Signed: Courtenay Brown

Laney athlete celebrates SF State admission with signing ceremony in gym

Laney’s star shooting guard Courtenay Brown signed a letter of intent to attend San Francisco State University in the fall. The signing ceremony was held in the Laney College gym on April 26. Her coach, family, and friends were there to congratulate her.

She accepted a full scholarship to the university where she plans to major in kinesiology. She will be a shooting guard for SFSU’s basketball team, the Gators, who play in the NCAA division II.

After she graduates from SFSU Brown wants to become either an athletic trainer or work in rehabilitating athletes after injuries.

Brown lived in Stockton and attended Weston Ranch High School, but during her junior year, she went to Encinal High School in Alameda where she helped their basketball team into the playoffs. For her senior year she returned to Stockton to live with her father Anthony Brown.

Although Brown was recruited by Humbolt State University out of high school, she decided to attend a community college to play basketball. She didn’t want to attend Humboldt State University, but she did want a basketball scholarship to finance her education.

Her sister, Jordan Brown, who lived in Alameda, had played for Laney, so Brown was familiar with the school.

Brown shows her lighter side at the signing ceremony in the Laney College gym.

Brown has been a starter on the team since she came in as a red shirt in 2014. “I had a much larger role [this year],” she said.

This season Brown averaged 18 points per game overall and 21.3 in the conference.

Approximately three games into the Bay Valley Conference basketball season, the number of players on the Laney College Eagles basketball team was greatly reduced. Due to injuries and eligibility issues, the squad went from 12 to five players.

When asked if this created a difficult situation for her, Brown replied that it didn’t because all five of the remaining players had to dedicate themselves “a little more to playing harder.”

She explained that without the ability to switch out players to rest, ”I never had to tell anyone to play harder because we already were.” Although the team was playing hard, Brown admitted that anyone fouling out would have been a big problem.

Fortunately, the team was able to avoid this fate until the last game of its season, the championship game against Solano.

Marshall football should get help in mid-year signing period

After its most difficult season in nearly a decade, it became clear Marshall needed immediate, athletic help at many positions.

As the mid-year junior-college signing period begins Wednesday, such help may be on the way. The Thundering Herd is expected sign as many as four juco standouts to binding letters of intent.

Two of those played in the California juco circuit, one is a Florida native who played in Iowa and the other is a Georgia native who played in Kansas.

To hear their juco coaches talk — they’re biased, of course — they just might be playmakers the MU programs need.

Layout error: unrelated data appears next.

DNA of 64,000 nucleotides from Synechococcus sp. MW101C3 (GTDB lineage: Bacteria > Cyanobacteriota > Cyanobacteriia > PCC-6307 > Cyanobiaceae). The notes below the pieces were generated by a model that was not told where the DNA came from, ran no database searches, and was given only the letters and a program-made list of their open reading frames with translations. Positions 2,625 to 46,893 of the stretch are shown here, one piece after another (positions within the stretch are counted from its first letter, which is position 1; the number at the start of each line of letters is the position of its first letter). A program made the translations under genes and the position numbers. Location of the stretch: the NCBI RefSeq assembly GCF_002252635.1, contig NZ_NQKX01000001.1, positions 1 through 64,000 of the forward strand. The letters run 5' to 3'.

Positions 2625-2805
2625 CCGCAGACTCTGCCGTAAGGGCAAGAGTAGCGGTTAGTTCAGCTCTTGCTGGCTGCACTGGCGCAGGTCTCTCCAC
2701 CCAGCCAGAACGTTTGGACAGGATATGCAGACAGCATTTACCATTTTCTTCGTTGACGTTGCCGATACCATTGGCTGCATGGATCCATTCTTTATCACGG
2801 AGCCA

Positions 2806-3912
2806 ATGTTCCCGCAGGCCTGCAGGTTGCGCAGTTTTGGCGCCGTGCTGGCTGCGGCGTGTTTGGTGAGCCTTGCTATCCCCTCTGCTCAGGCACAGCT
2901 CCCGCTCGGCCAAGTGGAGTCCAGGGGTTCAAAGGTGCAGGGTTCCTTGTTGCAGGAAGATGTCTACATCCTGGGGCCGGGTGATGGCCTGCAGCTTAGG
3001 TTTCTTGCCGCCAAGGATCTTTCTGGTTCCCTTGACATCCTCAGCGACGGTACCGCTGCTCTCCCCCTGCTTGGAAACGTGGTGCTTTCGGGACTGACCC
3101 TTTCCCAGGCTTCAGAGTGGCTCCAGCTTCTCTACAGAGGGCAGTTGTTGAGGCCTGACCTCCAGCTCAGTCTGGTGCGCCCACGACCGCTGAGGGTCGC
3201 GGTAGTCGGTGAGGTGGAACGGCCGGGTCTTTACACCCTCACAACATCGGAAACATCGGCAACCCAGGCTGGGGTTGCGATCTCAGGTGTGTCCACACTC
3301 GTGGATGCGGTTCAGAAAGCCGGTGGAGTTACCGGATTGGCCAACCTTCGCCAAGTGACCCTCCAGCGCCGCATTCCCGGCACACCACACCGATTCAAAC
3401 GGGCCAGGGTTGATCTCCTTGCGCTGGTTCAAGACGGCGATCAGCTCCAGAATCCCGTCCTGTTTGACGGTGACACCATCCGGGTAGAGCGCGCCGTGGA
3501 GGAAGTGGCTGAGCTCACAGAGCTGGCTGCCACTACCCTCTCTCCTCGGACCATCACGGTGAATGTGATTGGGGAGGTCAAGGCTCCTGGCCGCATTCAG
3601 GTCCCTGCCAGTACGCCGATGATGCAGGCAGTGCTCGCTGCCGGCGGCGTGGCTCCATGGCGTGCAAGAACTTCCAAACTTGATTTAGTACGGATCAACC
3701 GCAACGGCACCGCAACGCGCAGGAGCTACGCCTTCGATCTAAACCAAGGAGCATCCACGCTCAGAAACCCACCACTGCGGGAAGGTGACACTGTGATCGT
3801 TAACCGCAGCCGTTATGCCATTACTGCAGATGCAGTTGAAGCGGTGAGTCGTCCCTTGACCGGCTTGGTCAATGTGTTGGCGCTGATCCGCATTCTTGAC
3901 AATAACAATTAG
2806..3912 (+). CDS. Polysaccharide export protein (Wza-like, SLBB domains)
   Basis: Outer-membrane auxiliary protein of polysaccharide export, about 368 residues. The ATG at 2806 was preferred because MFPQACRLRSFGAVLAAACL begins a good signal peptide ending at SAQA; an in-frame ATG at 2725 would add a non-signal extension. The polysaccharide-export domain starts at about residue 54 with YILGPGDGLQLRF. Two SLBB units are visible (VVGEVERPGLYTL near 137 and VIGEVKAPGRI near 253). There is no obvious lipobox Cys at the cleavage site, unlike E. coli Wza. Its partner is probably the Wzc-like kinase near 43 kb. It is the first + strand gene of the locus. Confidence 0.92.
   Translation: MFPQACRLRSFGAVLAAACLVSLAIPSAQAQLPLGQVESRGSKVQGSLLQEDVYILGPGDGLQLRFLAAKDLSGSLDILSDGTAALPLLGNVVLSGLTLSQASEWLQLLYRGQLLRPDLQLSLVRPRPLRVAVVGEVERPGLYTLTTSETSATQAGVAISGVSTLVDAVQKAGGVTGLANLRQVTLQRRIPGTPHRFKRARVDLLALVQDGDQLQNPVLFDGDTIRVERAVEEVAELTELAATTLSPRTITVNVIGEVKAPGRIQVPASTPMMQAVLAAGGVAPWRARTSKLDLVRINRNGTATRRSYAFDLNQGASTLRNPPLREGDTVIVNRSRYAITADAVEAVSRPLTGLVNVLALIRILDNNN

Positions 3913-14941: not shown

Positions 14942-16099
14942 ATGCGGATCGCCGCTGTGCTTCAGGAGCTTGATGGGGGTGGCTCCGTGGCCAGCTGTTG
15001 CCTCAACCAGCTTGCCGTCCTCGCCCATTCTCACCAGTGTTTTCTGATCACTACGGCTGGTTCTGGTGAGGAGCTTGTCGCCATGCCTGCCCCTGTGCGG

Armani Levias stands out in that group because of stature, at the least. He is a big tight end from Laney College in Oakland, California, who was once a pocket-passing prospect in high school.

That was when he was 215 pounds.

“He’s a difference-maker because he’s 6-5, 250 pounds and can move,” said Laney coach John Beam. “He’s got really good hands — most of his catches are for touchdowns because when we get in the red zone, he creates a lot of mismatches. And he’s learning to become a physical blocker.”

Levias hails from of Pittsburg, California, not far east from Oakland. He would follow the footsteps of Laney alums Chuck Walker and Troy Evans, both Herd wide receivers.

In the Fresno area, Artis Johnson wasn’t cheated out of playing time at Reedley College. He played strong safety, but did so much more.

His coach says he won’t sign Wednesday, but expects the Texas native to do so later in the period, which lasts through Jan. 17. Johnson redshirted after an injury his first season, so he would have two years to play two at Marshall.

“He was our strong safety, outside linebacker and also our ‘wildcat’ quarterback,” said coach Eric Marty. “He returned kicks, he did it all.

“He’s 6-1, 210 or 215 and looks the part. He’s explosive and changes directions well. He’s going to bring a lot of versatility as far as the ability to play field safety, or roll down into that outside linebacker position. He’s one of the best athletes on our team.”

The Herd could be picking up a quick slot receiver in Marcel Williams. The 5-foot-10, 170-pound native of Bunnell, Florida, played at Ellsworth Community College in Iowa City, Iowa.

His 2016 season was cut short by an injury to his thumb, for which he had surgery. His coach, Jesse Montalto, expects Williams to be full-go next month.

“He’s a very good football player, smart player. He actually played both ways for us a freshman,” Montalto said. “But he’s explosive. He’s as fast a kid as you’ll find at this level. He ran good times this summer; I think he ran as low as a 4.41 [40-yard dash].”

The fourth reported juco commitment is cornerback Kereon Merrell, a native of Vienna, Georgia, who played at Dodge City Community College in Kansas. It is not clear when he will sign.

Those who sign this week are expected to begin classes at Marshall in January and participate in spring practice.